When Being Reasonable Seems Revolutionary

Capuchin monkeys sharingWe live in an age of intense political polarization where individuals who prefer different candidates are often regarded as enemies, where tribalism and identity politics fuel misunderstanding and petty conflict, and where many people seem to have habituated to a chronic state of outrage. Against this backdrop, we find ourselves in a strange situation where striving to be reasonable and fair-minded is something of a revolutionary act, requiring us to go against the grain and risk social disapproval for failing to conform with what so many of our friends and neighbors are doing.

We will certainly make mistakes. We will be wrong at times. And yet, we are all capable of striving to be more reasonable, more fair in our dealings with others, and better models of the sort of behavior we would like to see more of from others. For example, we can learn how to:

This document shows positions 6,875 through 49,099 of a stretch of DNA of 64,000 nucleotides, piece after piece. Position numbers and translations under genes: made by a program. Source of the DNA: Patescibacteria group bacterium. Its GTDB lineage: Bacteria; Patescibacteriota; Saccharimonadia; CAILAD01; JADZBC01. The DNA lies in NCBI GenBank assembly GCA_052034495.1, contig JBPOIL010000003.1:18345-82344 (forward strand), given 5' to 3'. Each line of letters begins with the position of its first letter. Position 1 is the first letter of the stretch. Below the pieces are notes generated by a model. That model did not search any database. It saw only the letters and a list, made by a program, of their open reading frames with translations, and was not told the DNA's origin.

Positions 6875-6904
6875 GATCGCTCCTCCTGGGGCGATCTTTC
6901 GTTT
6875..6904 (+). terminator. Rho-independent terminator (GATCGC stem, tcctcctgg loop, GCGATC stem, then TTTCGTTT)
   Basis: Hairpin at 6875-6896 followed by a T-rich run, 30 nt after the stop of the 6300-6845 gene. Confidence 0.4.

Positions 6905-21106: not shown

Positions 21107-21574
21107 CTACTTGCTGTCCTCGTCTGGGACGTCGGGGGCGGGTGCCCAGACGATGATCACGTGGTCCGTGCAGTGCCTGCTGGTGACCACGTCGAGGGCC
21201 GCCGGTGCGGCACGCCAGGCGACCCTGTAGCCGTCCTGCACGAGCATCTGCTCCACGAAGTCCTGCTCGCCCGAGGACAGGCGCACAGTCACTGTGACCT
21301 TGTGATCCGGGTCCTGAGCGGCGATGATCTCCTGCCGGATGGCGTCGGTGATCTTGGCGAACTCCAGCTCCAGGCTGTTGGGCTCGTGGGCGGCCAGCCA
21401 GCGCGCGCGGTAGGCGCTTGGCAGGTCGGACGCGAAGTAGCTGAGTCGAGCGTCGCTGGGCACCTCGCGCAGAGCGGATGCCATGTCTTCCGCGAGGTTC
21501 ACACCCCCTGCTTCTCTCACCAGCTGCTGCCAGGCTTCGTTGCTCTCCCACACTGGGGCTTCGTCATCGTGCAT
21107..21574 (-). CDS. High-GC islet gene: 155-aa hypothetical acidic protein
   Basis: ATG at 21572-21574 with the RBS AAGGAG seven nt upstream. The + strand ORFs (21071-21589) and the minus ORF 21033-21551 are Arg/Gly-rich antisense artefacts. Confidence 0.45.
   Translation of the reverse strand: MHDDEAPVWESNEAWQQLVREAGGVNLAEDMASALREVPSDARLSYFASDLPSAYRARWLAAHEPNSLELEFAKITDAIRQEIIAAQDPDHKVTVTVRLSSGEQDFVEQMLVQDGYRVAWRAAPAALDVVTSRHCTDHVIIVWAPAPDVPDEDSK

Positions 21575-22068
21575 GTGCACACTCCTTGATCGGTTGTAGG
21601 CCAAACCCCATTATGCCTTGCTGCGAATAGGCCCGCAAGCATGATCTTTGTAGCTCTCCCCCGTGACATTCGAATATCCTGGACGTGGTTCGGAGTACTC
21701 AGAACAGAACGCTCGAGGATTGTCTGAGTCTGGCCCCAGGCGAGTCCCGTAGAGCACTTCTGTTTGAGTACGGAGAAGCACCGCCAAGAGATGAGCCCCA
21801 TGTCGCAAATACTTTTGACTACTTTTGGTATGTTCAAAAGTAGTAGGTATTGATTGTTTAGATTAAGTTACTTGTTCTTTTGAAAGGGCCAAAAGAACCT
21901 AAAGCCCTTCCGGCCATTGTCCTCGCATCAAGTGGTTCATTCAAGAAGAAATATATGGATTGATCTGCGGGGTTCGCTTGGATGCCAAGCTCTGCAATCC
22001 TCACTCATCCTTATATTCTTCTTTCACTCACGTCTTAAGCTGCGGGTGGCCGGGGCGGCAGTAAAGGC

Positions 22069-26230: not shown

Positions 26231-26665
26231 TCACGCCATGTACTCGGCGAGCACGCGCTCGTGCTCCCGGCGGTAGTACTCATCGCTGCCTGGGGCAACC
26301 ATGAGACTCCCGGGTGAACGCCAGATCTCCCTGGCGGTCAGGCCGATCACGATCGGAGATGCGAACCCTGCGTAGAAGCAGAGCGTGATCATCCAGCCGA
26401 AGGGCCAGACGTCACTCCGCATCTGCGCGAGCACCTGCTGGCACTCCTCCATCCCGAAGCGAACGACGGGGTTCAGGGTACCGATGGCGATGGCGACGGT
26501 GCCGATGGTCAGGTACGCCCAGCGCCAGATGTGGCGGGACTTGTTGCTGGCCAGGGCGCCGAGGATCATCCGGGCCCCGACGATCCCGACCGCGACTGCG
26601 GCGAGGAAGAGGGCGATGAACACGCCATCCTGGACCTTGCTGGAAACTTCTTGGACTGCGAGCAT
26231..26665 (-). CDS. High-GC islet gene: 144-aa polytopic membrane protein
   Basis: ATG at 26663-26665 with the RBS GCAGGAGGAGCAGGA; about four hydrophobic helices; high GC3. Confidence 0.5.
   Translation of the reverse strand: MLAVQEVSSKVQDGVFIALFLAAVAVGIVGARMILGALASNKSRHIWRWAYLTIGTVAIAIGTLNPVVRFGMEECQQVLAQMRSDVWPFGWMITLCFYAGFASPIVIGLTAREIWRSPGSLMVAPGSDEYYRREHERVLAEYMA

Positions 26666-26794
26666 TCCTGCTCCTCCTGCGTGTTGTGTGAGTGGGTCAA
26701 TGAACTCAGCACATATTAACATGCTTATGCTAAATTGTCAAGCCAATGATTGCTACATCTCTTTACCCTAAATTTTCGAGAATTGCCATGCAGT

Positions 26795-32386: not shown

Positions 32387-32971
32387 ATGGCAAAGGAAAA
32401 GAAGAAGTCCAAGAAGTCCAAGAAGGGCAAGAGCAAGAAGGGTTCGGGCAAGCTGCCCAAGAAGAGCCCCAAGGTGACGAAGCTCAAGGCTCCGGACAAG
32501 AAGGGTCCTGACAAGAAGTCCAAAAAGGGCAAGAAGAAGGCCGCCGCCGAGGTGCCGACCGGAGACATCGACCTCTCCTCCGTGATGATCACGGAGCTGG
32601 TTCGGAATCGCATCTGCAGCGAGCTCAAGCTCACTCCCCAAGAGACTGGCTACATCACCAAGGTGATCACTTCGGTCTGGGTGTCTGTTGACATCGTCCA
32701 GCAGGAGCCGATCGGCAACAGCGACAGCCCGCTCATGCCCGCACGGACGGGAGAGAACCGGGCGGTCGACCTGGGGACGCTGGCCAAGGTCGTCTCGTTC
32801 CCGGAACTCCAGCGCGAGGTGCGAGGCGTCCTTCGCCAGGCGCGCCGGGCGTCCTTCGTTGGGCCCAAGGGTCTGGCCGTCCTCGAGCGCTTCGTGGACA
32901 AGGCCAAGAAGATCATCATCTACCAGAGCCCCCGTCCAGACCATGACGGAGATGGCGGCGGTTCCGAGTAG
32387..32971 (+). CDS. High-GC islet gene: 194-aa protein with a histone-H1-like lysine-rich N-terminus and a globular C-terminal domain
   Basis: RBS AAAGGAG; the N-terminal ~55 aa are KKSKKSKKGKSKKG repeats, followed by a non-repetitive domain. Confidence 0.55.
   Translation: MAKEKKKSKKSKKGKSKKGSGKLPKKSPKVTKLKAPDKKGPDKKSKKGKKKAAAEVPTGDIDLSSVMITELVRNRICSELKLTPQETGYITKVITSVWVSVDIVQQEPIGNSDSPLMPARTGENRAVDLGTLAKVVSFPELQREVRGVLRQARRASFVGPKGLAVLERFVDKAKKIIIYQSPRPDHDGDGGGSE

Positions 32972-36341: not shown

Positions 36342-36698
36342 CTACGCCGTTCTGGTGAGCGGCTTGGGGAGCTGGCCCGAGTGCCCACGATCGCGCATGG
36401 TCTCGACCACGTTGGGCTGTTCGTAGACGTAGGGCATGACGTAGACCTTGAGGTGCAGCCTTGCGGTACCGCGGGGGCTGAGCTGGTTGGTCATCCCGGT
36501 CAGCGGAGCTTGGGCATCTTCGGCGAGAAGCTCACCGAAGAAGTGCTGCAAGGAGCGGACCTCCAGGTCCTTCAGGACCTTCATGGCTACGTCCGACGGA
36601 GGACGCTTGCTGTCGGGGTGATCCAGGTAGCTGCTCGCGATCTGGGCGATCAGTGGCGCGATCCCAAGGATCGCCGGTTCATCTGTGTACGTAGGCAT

The good news is that there are many things each of us can do to reduce polarization, tribalism, and conflict. We can learn to be more reasonable in terms of how we make sense of the world and how we relate to others in it. Doing so will sometimes seem unfamiliar or even risky, but it is not beyond our reach.

In the end, we must each come to terms with the realization that we cannot control what others do. We lack the authority or the means to shape others' behavior to suit our will. What we can do is strive to be more reasonable for our own sake and that of others around us. We can embrace reason and freethought.